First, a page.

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‘Covenant’ to bind Anglican Communion appears dead

WASHINGTON (RNS) The U.S. Commission for Religious Freedom just got two new members, both darlings of conservatives: Princeton University philosopher Robert P. George and Zuhdi Jasser, who describes himself as an alternative voice to established Muslim civil rights groups. By Al Webb and Kevin Eckstrom.

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LONDON (RNS) A proposed “Covenant” aimed at ensuring unity across the worldwide Anglican Communion appears to have failed, leaving the world's third-largest Christian body facing an uncertain and likely fragmented future.

Rowan Williams was appointed the Archbishop of Canterbury in 2002, but struggled to maintain the Anglican Communion amidst growing conservative anger over homosexuality.

Rowan Williams was appointed the Archbishop of Canterbury in 2002, but struggled to maintain the Anglican Communion amidst growing conservative anger over homosexuality.

The covenant, born of an idea in 2004 to try to set boundaries in belief and practice for the Communion's 40 members churches, appears dead after a majority of dioceses within the Church of England voted to reject it.

With results still being counted, supporters of the Covenant effectively lost their battle within the Church of England when the Diocese of Lincoln cast the 23rd vote against it last week.

“The covenant is either buried or disabled,” said Simon Barrow, co-director of the independent British think tank Ekklesia, in the aftermath of the decision.

Diarmaid MacCulloch, professor of church history at Oxford University, chimed in: “It seems to me the scheme is dead in the water throughout the Anglican Communion. There really would be no point in other provinces signing up to it, since already some are most reluctant to do so.”

The Episcopal Church, the U.S. branch of the Anglican Communion, has not voted on the proposed pact but the idea faced steep resistance in a church that has shown an increasing willingness to go its own way in recent years.

The Covenant had been billed as a way to heal the growing splits within Anglican churches over a range of issues that centered on same-sex unions and homosexual bishops.

One of its biggest supporters was Archbishop of Canterbury Rowan Williams, who backed the covenant's call to member churches not to take steps or adopt policies that could antagonize Anglicans in other countries.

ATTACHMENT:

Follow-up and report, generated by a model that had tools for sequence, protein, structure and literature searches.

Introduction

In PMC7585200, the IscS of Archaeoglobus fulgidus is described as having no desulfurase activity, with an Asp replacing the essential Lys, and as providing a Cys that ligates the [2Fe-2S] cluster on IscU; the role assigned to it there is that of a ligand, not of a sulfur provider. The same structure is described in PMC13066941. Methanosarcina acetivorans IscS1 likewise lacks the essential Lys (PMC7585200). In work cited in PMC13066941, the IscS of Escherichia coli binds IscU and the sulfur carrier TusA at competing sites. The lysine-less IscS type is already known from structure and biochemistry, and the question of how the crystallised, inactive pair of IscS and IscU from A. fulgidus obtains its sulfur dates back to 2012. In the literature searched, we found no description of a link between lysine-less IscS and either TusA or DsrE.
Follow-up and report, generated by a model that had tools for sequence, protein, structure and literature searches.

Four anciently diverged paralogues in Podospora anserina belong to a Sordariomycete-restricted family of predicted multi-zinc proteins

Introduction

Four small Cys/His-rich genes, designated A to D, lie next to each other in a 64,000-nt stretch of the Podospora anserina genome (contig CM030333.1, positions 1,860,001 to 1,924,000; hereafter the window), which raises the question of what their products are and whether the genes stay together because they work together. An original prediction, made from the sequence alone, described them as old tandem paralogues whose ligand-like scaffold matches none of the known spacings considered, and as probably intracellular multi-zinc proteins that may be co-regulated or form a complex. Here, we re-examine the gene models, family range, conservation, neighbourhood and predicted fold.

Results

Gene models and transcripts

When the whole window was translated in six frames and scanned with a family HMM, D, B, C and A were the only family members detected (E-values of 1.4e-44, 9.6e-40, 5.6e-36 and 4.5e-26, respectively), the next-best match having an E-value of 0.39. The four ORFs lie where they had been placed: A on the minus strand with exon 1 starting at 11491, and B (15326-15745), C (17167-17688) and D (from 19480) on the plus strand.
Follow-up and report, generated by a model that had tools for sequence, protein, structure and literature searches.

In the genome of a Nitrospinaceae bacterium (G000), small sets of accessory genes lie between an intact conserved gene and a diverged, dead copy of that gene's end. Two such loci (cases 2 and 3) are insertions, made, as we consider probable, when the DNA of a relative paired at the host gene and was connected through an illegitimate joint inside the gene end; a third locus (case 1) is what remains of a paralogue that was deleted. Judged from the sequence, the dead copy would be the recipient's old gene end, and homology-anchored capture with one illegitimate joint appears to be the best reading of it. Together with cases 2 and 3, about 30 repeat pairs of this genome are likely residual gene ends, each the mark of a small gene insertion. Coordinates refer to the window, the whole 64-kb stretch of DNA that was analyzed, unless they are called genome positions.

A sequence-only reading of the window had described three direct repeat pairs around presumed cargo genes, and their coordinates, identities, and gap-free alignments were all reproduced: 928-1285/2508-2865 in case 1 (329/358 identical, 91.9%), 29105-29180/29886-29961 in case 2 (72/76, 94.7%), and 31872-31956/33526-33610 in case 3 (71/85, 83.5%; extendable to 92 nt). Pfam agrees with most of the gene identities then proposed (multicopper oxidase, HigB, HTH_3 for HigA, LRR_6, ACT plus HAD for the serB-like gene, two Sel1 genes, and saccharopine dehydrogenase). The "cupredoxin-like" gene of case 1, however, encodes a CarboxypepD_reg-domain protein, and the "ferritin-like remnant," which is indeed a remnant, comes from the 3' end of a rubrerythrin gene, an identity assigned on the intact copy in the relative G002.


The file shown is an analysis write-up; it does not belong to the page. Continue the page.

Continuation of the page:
Failure to abide by the Covenant would result in a kind of second-tier membership for independent-minded member churches.

Williams announced on March 16 that he will step down at the end of the year to return to his roots in academia, depriving supporters of the Covenant their most powerful voice.

In fact, Williams had little more than the force of his own personality to try and win over skeptics. The archbishop of Canterbury has no power directly over Anglican churches — either to adopt his policies or to keep them from adopting their own.

Without a central core of acceptable behavior to unite the global communion, Williams warned of the risk of “piece-by-piece dissolution.”

The covenant was born after the consecration of an openly gay Episcopal bishop in New Hampshire, Gene Robinson, in 2003. The U.S. church furthered angered Canterbury by blessing same-sex unions and consecrating a lesbian bishop in Los Angeles.

Churches that agreed to the Covenant agreed to “act with diligence, care and caution in respect of any action which may provoke controversy.” Any action that upset the larger communion could result in “relational consequences” that would affect a church's membership in the communion.

Since its debut, as the Reuters news agency described it, the covenant “tried to bring liberal and conservative wings of the Communion together, (but) ended up facing opposition from both sides.”

“Liberal Anglicans,” the report added, “fear the covenant will impose centralizing control on the Communion's family of autonomous churches, while conservatives and evangelicals complain it does not go far enough to discipline churches that step out of line.”

At last count, only seven member provinces — Ireland, Mexico, Myanmar, Papua New Guinea, South East Asia, Southern Cone of America, and the West Indies — had voted in favor of the Covenant.

The U.S. church was scheduled to take up the Covenant at its upcoming General Convention this summer. Episcopal Presiding Bishop Katharine Jefferts Schori has been cool to the idea of a Covenant, particularly of “attempts to impose a single understanding” of theology or sexuality across the communion.

In 2010, Jefferts Schori, the first woman to head a province of the Anglican Communion, wondered aloud if the Covenant would impose sanctions on provinces that do not allow or recognize women's ordination. In 2010, she said sanctions must also apply to churches that “continue to hold one view in public and exhibit other behaviors in private.”

The Rev. Lesley Fellows, moderator of the “No Anglican Covenant Coalition” group, on Sunday (March 25) dismissed the covenant as a “proposal to centralize communion-wide authority in the hands of a small, self-selecting group.”

She added: “We hope that the Church of England will now look to bring reconciliation within the Anglican Communion by means of strengthening relationships rather than punitive legislation.”

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